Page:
However, if a person experiences high levels of stress, it can disrupt the delicate balance of hormones in the body, potentially leading to a missed period.

Skipping pills or doses

If a person misses a pill, the hormonal balance in the body can be disrupted, which can cause a delay or absence of ovulation. This can lead to a missed period or a lighter-than-usual period.

How much delay is normal for your period?

The average menstrual cycle lasts about 28 days, but it can range from 24-38 days. Therefore, a delay of a few days or even up to a week is considered a healthy cycle.

However, if you have been experiencing delays of more than a week or have irregular cycles, it is best to consult a doctor to determine if there is an underlying issue that needs to be addressed.

If you are sexually active and your period is late, it is recommended to take a pregnancy test as soon as possible.

A home pregnancy test can detect the presence of the hormone human chorionic gonadotropin (hCG) in urine within a week of a missed period, although some tests can detect it even earlier.

If you have irregular periods or are unsure when to expect your period, it's recommended to wait at least 2 weeks after having sex before taking a pregnancy test to ensure accuracy.

Kin's Conceiving Essentials include everything you need when it comes to conceiving. This kit includes Kin's Pregnancy Test and Ovulation Test as well as our best-selling prenatal range, to help make your pregnancy journey easier.

If you have a missed period, but have a negative pregnancy test, there are a few other things that could be at play.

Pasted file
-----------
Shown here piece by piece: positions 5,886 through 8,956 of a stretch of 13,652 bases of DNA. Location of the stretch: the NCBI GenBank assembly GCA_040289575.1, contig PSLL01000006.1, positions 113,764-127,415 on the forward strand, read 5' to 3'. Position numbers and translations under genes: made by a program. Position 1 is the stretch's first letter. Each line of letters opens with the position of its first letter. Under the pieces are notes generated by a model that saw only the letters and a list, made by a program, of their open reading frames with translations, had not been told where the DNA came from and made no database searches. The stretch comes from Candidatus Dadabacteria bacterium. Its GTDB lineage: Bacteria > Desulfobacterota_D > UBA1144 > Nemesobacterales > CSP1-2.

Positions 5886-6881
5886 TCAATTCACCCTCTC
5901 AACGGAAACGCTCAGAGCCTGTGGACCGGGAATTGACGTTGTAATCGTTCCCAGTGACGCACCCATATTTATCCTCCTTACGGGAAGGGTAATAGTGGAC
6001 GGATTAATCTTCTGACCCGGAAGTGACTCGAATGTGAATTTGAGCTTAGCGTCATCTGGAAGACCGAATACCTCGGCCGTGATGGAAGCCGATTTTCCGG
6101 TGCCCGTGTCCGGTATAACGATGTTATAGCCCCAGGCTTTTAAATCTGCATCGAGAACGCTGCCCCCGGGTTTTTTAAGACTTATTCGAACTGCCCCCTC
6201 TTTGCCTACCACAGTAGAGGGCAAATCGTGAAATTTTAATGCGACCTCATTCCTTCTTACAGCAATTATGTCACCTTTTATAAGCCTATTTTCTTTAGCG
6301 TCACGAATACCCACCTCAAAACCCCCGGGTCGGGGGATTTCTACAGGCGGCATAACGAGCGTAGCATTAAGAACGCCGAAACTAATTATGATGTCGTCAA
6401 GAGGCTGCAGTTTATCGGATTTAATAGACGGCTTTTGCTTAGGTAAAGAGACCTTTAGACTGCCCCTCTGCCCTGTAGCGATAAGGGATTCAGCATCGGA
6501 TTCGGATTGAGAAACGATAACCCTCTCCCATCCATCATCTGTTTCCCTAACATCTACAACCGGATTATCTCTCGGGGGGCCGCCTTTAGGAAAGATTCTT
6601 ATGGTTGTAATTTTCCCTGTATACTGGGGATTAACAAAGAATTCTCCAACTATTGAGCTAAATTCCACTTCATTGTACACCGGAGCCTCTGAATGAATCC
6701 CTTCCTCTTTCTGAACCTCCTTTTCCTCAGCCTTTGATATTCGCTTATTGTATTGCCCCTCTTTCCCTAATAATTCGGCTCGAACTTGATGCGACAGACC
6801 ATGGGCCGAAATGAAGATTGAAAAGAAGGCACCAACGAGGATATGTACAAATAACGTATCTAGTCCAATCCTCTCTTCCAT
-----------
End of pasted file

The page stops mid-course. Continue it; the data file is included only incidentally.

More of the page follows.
The most common causes for a late period

Late periods are extremely common for many women. The most common reasons for a late period include [4]:


One of the most common causes of a missed or late period is pregnancy. If you are sexually active and your period is late, it's important to take a pregnancy test to rule out or confirm pregnancy as the cause.


High levels of stress can disrupt your cycle and cause a delay in your period.

Weight changes

Significant changes in body weight, such as weight gain or weight loss, can disrupt menstrual cycles. This is because oestrogen is stored in fat so, for example, rapid weight loss can decrease your oestrogen levels, which will disrupt your cycle.

Hormonal imbalances

Fluctuations in hormone levels, such as those caused by polycystic ovary syndrome (PCOS) or thyroid disorders, can cause a late period.


Certain medications, such as hormonal birth control or antidepressants, can cause changes in your cycle and lead to a late period.

Excessive exercise

Overexertion or excessive exercise can cause a delay in your menstrual cycle. It is important to get regular exercise but too much can disrupt your body's hormone levels, particularly causing an influx of cortisol.

Commonly known as the stress hormone, cortisol can wreak havoc on the delicate balance of hormones needed for menstruation, potentially leading to a late or missed period.


Menopause is the time when a woman stops having menstrual periods, and it usually occurs in women between the ages of 45 and 55.